Editor’s note: This post was originally published on December 6, 2017 and has been updated for comprehensiveness.
Technology is at the forefront of the engineering industry, as businesses race to be leaders in innovation and offer the latest, cutting-edge products.
With the power to transform the industry, technology introduces innovative ideas, makes jobs safer and more efficient, and unlocks key insights with data.
Because of this, design engineers continually strive to foresee upcoming trends and capitalize on current leading trends.
Below, take a look at five top technology trends design engineers should keep top of mind.
It was 1961. John F. Kennedy was just sworn into office, gas cost 27 cents per gallon, and the Unimate 1900 series became the first mass-produced robotic arm for factory automation.
Industrial robots have come a long way since George Devol and Joseph Engelberger first surfaced the idea in 1956. Today, over 1.8 million operational industrial robots exist worldwide, and experts anticipate this number to reach 3 million by 2020.
So, why are more and more businesses integrating automated machines into manufacturing processes? Below we make the case, with four reasons to consider using industrial robots in your warehouse operation.
Whether you’re ready or not, the agriculture industry is changing. From genetically engineered foods to new harvesting technology, agriculture professionals are finding fresh, innovative ways to work more efficiently. So, what’s next for the industry? Below are three of the top trends impacting agriculture in 2018.
Automation is everywhere we look. The once futuristic idea only seen in movies like iRobot and WALL-E is now a part of our everyday lives. We have self-driving cars from Tesla and automated vacuums we call Roombas. In fact, 8.2 million people have conversations with a black cylinder named Alexa.
Automation isn’t coming; it’s here. It’s in our homes, it’s in our streets, and it’s even become an integral part of warehouse operations across the world.
This past week more than 50,000 attendees and 1,700 exhibitors met in Chicago for the 35th annual FABTECH Exposition. The “one-stop-shop” event brings together suppliers and the latest industry developments related to metal forming, fabricating, welding and finishing needs.
Rapid, effective innovation is crucial for any engineer’s future, but it can be difficult when there is little time to keep up with daily industry news and advancements. Any time saving technique helps.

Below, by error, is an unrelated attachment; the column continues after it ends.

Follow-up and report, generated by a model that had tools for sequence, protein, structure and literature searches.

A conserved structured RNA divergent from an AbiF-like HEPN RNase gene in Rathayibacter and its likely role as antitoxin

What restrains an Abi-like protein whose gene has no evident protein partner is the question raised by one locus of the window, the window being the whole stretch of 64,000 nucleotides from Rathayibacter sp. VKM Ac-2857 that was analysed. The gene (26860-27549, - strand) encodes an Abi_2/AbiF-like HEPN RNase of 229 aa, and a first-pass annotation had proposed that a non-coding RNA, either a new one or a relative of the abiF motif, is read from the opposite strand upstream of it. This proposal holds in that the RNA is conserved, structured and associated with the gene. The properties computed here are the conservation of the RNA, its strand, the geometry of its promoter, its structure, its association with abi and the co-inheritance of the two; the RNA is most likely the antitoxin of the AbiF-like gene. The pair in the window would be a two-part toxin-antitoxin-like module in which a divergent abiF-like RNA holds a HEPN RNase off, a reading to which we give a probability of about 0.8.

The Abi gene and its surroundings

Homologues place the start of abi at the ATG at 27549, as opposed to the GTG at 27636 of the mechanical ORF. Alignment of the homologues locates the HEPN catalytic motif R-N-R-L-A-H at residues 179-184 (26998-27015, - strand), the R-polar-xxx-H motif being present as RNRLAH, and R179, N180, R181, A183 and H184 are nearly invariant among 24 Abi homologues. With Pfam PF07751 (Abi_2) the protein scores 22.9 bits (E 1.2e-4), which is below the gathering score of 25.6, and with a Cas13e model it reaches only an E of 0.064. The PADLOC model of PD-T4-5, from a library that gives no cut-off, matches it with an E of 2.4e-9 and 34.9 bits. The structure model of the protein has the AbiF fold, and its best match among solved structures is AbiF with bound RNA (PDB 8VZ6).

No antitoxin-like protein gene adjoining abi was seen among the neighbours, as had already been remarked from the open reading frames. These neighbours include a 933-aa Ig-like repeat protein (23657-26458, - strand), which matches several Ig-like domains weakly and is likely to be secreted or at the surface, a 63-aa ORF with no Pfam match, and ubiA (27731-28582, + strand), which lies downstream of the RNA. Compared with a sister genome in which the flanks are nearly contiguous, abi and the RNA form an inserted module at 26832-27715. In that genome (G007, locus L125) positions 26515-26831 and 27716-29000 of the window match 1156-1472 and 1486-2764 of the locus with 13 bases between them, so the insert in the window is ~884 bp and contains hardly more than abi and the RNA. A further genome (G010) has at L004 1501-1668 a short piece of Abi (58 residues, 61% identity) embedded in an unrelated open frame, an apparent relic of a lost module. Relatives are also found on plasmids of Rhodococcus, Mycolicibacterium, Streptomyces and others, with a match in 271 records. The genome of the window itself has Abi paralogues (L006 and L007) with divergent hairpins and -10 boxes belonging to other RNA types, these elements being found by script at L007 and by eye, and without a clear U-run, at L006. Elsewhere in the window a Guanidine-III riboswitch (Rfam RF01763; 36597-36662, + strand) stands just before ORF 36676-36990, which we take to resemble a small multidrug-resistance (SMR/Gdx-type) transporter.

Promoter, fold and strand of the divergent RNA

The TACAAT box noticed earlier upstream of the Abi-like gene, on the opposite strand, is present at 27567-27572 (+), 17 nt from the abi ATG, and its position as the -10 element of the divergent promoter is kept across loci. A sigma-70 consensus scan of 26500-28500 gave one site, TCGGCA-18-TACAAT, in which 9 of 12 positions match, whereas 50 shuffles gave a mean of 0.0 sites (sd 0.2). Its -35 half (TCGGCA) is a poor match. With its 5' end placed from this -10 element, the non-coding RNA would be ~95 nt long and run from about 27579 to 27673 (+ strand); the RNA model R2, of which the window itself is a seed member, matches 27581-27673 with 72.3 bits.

Luckily, social media offers an efficient way to keep up with industry best practices, breaking news, design competition announcements and more. LinkedIn and Twitter are teeming with resources for engineers, and if you follow the right accounts and groups, your feeds will always be full of information you can digest on the go.
Read on to discover the most fruitful engineering Twitter accounts to follow and LinkedIn groups to join so you never fall behind.
Burgeoning technologies, healthy markets and innovation are all responsible for 2014 being a good year for U.S. manufacturing. According to the December 2014 Manufacturing ISM Report On Business, manufacturing continues to experience growth.
Product lifecycle management (PLM) integrates information, people and processes, inviting opportunity for greater internal communication and collaboration.
In order to exchange product data efficiently, you must implement strategies to help engineers, salespeople, shop floor professionals and anyone else involved in the PLM process to collaborate.
“Lean” is more than a buzzword—especially for many of the manufacturers who put the production philosophy into practice to improve internal systems and processes.
The main principle behind lean manufacturing is to reduce waste of any kind—wasted energy, inventory, resources and time. By cutting out excess waste, manufacturers can decrease operational costs, increase efficiencies and maintain output quality.
The modern manufacturing engineer needs to be agile. Why? Shrinking product lifecycles, supply chain complexity and increasing demands give engineers less time to bring products to market.
Forced to do more with fewer resources, agile engineers rely on technology to solve a variety of challenges across all aspects of production. Below, we highlight four software programs that help agile engineers make the most of every minute.